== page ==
The distinction may be significant from a computational perspective.

As part of his program for giving mathematical reasoning a finitary foundation, Hilbert proposed an omega-Rule as a finitary means of extending a Peano Arithmetic to a possible completion (i.e. to logically showing that, given any arithmetical proposition, either the proposition, or its negation, is formally provable from the axioms and rules of inference of the extended Arithmetic). In a contemporary context, this can be expressed as:

Hilbert’s omega-Rule: If it is proved that a formula [F(x)] of the first-order Peano Arithmetic PA interprets under the standard interpretation of PA as an arithmetical relation F(x) that is true for any given natural number n, then the PA formula [(Ax) F(x)] can be admitted as an initial formula (axiom) in PA.

Goedel’s 1931 paper on formally undecidable arithmetical propositions can, not unreasonably, be seen as the outcome of a presumed attempt to validate Hilbert’s omega-rule.

Since Brouwer had raised persisting doubts about whether the standard interpretation of arithmetic can be assumed to be logically sound – on the grounds that any such assumption implies Aristotle’s particularisation holds over the natural numbers – Goedel’s argument avoids any considerations that involve appealing to the truth of [F(x)] under the standard interpretation of PA.

Instead Goedel introduced the formal concept of omega-consistency for arithmetic:

Omega-consistency: PA is omega-consistent if, and only if, there is no PA formula [F(x)] such that [~(Ax) F(x)] is PA-provable and also that, for any PA-numeral [n], [F(n)] is PA-provable.

Goedel then constructively defined a PA formula [R(x)] and showed in his First Incompleteness Theorem that, if PA is assumed omega-consistent, then both [(Ax)R(x)] and [~(Ax)R(x)] are not PA-provable.

Assuming that Aristotle’s particularisation holds over N, Goedel then defined a number-theoretic relation Wid(PA) which holds in N if, and only if, PA is consistent.

Goedel showed in his Second Incompleteness Theorem that, if PA is assumed consistent, and we assume that some PA formula [W] expresses Wid(PA) in PA, then [R(x)] is PA-provable if [W] is PA-provable.

Ergo, if PA is omega-consistent, then we cannot express the assertion ‘PA is consistent’ in PA by a PA-provable formula.

Now the points to note are that:

1. PA is omega-consistent if, and only if, Aristotle’s particularisation holds over the domain N of the natural numbers.

2. If the standard interpretation of PA is logically sound, then Aristotle’s particularisation holds over N.

3. Aristotle’s particularisation over N can be expressed in contemporary terms as:

From an assertion such as:

‘It is not the case that, for any given x, any witness Witness_N of N can decide that P(x) does not hold in N’,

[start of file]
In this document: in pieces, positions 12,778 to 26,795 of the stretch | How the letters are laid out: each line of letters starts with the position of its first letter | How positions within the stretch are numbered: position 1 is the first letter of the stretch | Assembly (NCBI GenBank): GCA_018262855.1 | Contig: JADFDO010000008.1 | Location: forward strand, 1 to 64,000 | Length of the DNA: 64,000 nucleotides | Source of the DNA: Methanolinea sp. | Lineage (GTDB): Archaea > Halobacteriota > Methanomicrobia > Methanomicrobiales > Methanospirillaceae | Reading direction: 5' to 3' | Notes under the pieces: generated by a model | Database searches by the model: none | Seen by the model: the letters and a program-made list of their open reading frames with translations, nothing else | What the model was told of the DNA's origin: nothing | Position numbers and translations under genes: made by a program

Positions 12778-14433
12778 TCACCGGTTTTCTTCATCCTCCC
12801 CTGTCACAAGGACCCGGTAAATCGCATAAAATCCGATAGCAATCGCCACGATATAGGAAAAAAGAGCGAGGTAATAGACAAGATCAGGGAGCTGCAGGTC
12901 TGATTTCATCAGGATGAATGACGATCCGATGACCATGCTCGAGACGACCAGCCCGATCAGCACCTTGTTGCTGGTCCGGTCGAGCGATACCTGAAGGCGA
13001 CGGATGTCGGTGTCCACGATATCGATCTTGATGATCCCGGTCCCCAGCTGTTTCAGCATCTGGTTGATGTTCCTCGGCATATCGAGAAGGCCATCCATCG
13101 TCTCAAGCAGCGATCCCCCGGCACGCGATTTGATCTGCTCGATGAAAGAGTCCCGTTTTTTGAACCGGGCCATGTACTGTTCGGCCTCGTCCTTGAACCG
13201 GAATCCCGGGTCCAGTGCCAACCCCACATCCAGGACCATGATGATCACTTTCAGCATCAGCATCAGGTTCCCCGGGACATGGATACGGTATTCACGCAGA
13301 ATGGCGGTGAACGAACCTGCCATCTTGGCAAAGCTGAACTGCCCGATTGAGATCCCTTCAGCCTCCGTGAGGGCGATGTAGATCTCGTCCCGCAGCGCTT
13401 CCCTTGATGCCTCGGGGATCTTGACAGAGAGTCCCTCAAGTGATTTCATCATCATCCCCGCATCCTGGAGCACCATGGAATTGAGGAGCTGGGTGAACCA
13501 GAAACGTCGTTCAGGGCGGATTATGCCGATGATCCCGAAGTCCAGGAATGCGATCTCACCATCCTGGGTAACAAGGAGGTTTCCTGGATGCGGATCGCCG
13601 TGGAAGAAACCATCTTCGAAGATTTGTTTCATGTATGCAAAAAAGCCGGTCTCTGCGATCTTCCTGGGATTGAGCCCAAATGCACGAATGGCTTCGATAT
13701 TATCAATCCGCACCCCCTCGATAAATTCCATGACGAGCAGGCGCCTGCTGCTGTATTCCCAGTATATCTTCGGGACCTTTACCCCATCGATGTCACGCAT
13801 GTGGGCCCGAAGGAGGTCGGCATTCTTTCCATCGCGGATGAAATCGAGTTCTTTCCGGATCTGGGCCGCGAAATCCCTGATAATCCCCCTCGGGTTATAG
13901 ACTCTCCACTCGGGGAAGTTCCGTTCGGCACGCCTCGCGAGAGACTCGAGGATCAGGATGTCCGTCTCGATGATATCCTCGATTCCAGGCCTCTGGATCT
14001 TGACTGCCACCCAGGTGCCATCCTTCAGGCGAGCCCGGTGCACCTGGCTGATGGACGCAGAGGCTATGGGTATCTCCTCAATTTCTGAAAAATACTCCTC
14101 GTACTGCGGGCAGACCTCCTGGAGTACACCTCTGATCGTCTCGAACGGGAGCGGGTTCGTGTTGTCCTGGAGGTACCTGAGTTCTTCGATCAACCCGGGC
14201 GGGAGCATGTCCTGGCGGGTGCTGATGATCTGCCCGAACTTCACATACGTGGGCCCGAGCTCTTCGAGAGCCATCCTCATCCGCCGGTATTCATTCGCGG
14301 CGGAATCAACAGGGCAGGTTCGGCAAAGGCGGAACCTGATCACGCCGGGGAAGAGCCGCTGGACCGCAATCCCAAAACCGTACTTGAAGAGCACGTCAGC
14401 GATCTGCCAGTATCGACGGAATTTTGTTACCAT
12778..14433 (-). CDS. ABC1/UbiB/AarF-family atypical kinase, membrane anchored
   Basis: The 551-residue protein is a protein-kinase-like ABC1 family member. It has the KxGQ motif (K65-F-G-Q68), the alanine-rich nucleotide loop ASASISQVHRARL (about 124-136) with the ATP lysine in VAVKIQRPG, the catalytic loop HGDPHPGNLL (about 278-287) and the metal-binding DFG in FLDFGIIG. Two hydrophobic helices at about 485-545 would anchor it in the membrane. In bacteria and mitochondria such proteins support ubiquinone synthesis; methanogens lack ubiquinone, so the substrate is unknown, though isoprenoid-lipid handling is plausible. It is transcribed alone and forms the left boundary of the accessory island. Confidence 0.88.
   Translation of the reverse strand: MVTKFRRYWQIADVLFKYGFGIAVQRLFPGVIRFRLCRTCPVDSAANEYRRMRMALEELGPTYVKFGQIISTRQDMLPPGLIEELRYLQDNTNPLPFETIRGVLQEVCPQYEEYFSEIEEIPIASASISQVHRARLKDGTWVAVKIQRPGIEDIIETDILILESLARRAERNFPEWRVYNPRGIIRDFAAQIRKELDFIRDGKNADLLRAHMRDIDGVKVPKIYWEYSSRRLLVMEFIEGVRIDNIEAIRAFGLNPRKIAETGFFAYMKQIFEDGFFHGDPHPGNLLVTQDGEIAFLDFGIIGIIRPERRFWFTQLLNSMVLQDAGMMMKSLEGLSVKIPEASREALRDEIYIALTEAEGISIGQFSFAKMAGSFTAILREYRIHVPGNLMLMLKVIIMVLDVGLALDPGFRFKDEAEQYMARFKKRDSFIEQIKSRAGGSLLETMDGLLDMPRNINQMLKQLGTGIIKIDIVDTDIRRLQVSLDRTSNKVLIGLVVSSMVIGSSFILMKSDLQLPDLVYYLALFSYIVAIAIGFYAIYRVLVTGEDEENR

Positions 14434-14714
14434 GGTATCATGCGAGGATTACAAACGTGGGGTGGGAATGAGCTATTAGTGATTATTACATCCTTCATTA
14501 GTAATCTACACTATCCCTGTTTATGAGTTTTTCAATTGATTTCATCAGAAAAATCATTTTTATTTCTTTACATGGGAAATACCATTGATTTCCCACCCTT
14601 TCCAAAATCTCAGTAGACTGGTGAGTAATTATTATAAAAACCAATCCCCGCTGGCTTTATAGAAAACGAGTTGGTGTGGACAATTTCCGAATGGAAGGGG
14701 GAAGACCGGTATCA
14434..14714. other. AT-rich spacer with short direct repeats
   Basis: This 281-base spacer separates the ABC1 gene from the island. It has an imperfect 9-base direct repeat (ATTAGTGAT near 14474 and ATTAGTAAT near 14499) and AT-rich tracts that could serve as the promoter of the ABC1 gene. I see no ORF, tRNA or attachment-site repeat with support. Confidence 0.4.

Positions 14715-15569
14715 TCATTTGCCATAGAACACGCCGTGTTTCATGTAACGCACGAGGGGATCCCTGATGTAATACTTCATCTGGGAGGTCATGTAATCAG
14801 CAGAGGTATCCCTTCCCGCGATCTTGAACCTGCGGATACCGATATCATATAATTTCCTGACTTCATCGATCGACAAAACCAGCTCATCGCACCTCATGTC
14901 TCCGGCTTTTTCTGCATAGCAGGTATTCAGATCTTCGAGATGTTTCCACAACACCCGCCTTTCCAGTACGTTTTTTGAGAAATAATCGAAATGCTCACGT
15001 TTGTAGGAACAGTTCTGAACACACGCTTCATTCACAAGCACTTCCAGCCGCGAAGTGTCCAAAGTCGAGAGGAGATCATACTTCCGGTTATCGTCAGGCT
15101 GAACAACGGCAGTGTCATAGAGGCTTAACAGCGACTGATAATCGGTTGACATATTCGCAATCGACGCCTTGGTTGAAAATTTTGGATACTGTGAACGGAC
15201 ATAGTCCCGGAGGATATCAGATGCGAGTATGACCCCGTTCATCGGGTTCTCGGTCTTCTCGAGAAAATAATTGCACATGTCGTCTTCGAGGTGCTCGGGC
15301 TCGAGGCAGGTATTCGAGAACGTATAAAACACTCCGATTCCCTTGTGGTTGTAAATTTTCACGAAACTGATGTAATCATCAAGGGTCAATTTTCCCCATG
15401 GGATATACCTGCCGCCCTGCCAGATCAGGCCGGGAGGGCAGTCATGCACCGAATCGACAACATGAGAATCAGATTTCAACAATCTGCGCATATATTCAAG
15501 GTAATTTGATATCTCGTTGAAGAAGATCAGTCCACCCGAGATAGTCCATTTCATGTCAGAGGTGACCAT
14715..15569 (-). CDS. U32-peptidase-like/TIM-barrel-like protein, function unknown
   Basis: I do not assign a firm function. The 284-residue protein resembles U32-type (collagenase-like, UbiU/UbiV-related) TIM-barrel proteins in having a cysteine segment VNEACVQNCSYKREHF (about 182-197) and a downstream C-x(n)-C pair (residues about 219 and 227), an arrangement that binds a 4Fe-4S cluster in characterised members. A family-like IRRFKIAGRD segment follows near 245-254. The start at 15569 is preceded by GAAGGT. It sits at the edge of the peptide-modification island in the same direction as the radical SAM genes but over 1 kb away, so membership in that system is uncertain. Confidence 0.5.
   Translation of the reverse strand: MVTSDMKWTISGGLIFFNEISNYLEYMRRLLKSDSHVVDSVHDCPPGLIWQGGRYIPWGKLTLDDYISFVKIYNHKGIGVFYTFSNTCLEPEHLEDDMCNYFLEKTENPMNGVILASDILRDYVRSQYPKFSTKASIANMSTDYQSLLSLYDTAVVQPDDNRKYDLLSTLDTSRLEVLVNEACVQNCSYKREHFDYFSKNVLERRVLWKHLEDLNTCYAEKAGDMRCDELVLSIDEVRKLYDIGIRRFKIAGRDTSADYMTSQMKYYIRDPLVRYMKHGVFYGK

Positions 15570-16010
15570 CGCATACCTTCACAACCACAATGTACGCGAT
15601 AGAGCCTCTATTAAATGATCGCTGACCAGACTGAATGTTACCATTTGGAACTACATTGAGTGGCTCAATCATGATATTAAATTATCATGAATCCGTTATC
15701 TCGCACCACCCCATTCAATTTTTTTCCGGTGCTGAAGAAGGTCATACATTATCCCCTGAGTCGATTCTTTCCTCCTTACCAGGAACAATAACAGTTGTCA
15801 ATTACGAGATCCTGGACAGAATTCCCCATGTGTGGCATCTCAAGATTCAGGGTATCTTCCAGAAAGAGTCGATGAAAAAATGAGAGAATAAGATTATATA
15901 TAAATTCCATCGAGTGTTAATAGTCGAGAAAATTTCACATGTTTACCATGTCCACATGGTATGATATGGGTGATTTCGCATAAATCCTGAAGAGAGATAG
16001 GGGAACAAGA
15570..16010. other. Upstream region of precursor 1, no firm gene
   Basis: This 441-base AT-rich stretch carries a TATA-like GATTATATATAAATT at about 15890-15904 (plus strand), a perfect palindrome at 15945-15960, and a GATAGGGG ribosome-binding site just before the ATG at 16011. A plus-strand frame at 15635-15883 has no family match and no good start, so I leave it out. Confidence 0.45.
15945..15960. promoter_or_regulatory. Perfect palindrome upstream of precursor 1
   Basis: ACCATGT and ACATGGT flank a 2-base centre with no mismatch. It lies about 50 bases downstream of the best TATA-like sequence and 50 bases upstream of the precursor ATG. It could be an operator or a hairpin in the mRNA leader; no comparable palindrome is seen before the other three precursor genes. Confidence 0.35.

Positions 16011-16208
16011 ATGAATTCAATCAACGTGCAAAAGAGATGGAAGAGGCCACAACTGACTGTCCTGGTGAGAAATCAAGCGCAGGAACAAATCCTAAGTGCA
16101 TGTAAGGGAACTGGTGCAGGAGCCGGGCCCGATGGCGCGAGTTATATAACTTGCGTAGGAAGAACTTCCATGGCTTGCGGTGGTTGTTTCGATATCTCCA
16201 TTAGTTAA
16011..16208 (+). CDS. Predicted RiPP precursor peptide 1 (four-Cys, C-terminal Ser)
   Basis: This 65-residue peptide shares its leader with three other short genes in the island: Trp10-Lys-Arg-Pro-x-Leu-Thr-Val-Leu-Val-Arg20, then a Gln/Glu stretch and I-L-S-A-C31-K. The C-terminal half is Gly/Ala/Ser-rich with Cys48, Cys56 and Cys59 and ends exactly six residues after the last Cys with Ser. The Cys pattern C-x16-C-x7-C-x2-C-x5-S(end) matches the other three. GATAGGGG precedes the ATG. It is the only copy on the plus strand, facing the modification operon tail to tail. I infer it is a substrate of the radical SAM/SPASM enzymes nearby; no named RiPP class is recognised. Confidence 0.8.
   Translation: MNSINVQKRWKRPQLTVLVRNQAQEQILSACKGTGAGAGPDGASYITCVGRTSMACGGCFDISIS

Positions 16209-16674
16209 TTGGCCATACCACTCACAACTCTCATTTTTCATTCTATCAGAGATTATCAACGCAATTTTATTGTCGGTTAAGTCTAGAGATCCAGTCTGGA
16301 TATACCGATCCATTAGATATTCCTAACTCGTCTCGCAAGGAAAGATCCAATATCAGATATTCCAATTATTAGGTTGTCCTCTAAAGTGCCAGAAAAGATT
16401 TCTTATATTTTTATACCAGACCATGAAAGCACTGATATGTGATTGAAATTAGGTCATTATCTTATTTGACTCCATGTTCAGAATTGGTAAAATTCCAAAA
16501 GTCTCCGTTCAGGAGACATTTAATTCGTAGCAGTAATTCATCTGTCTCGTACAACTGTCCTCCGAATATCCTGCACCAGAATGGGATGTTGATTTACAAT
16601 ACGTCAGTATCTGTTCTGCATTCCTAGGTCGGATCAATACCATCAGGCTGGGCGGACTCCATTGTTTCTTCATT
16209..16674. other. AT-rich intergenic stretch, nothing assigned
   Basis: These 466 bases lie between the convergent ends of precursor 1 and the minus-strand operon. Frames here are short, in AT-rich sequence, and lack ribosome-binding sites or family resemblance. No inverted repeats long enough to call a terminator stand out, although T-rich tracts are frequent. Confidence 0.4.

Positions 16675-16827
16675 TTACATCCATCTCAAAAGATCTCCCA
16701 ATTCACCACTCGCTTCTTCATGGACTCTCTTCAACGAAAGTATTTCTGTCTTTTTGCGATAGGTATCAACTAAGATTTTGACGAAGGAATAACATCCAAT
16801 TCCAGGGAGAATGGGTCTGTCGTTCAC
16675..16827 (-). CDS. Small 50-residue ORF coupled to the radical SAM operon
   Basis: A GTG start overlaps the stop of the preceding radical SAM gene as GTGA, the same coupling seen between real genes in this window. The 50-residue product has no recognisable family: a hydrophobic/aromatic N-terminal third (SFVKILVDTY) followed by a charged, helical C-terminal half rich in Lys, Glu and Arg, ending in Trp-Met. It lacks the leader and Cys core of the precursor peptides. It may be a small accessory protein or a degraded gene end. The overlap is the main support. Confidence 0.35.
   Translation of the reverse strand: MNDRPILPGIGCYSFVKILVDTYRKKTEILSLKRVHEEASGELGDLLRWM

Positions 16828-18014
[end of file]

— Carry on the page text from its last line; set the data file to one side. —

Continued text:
usually denoted symbolically by ‘~(Ax)~P(x)’, we may always validly infer that:

‘There exists an unspecified x such that any witness Witness_N of N can decide that P(x) holds in N’,

usually denoted symbolically by ‘(Ex)P(x)’.

4. The validity of Brouwer’s objection follows since Aristotle’s particularisation does not hold over N if we take the witness Witness_N as a Turing machine, and P(x) is a Halting-type of number-theoretic relation.

It follows that PA is not omega-consistent, and we cannot conclude from Goedel’s Incompleteness Theorems that Goedel’s [~(Ax)R(x)] is unprovable in PA.

The significance of the above is that issues of computational complexity – which reasonably should include those raised by Goedel in his letter to von Neumann – are finitary concerns involving number-theoretic functions and relations containing quantification over N that lie naturally within the domains of:

(a) First-order Peano Arithmetic PA, which attempts to capture in a formal language the objective essence of how a human intelligence intuitively reasons about number-theoretic predicates, and;

(b) Computability Theory, which attempts to capture in a formal language the objective essence of how a human intelligence intuitively computes number-theoretic functions.

Moreover, since Goedel had also shown in Theorem VII of his 1931 paper that every recursive relation can be expressed arithmetically, his formulation of the computational complexity of a number-theoretic problem in terms of formal arithmetical provability suggests that we ought to persist in seeking, conversely, an algorithmic interpretation of first-order PA in Computability Theory, so that any number-theoretic problem can be expressed – and addressed – formally in PA, and its solution, if any, interpreted algorithmically in Computability Theory.

Now, if [A(x1, x2, …, xn)] is an atomic formula of PA then, for any given sequence of numerals [b1, b2, …, bn], the PA formula [A(b1, b2, …, bn)] is an atomic formula of the form [c=d], where [c] and [d] are atomic PA formulas that denote PA numerals. Since [c] and [d] are recursively defined formulas in the language of PA, it follows from a standard result that, if PA is consistent, then [c=d] is algorithmically computable as either true or false in N.

In other words, if PA is consistent, then [A(x1, x2, …, xn)] is algorithmically decidable over N in the sense that there is a Turing machine TM_A that, for any given sequence of numerals [b1, b2, …, bn], will accept the natural number m if, and only if, m is the Goedel number of the PA formula [A(b1, b2, …, bn)], and halt with output 0 if [A(b1, b2, …, bn)] interprets as true in N; and halt with output 1 if [A(b1, b2, …, bn)] interprets as false in N.

Moreover, since Tarski has shown that the satisfaction and truth of the compound formulas of PA (i.e., the formulas involving the logical connectives and the quantifiers) under an interpretation of PA is definable inductively in terms of only the satisfaction (non-satisfaction) of the atomic formulas of PA, it follows that the satisfaction and/or truth of the formulas of PA under the usual interpretation of the PA symbols is algorithmically decidable.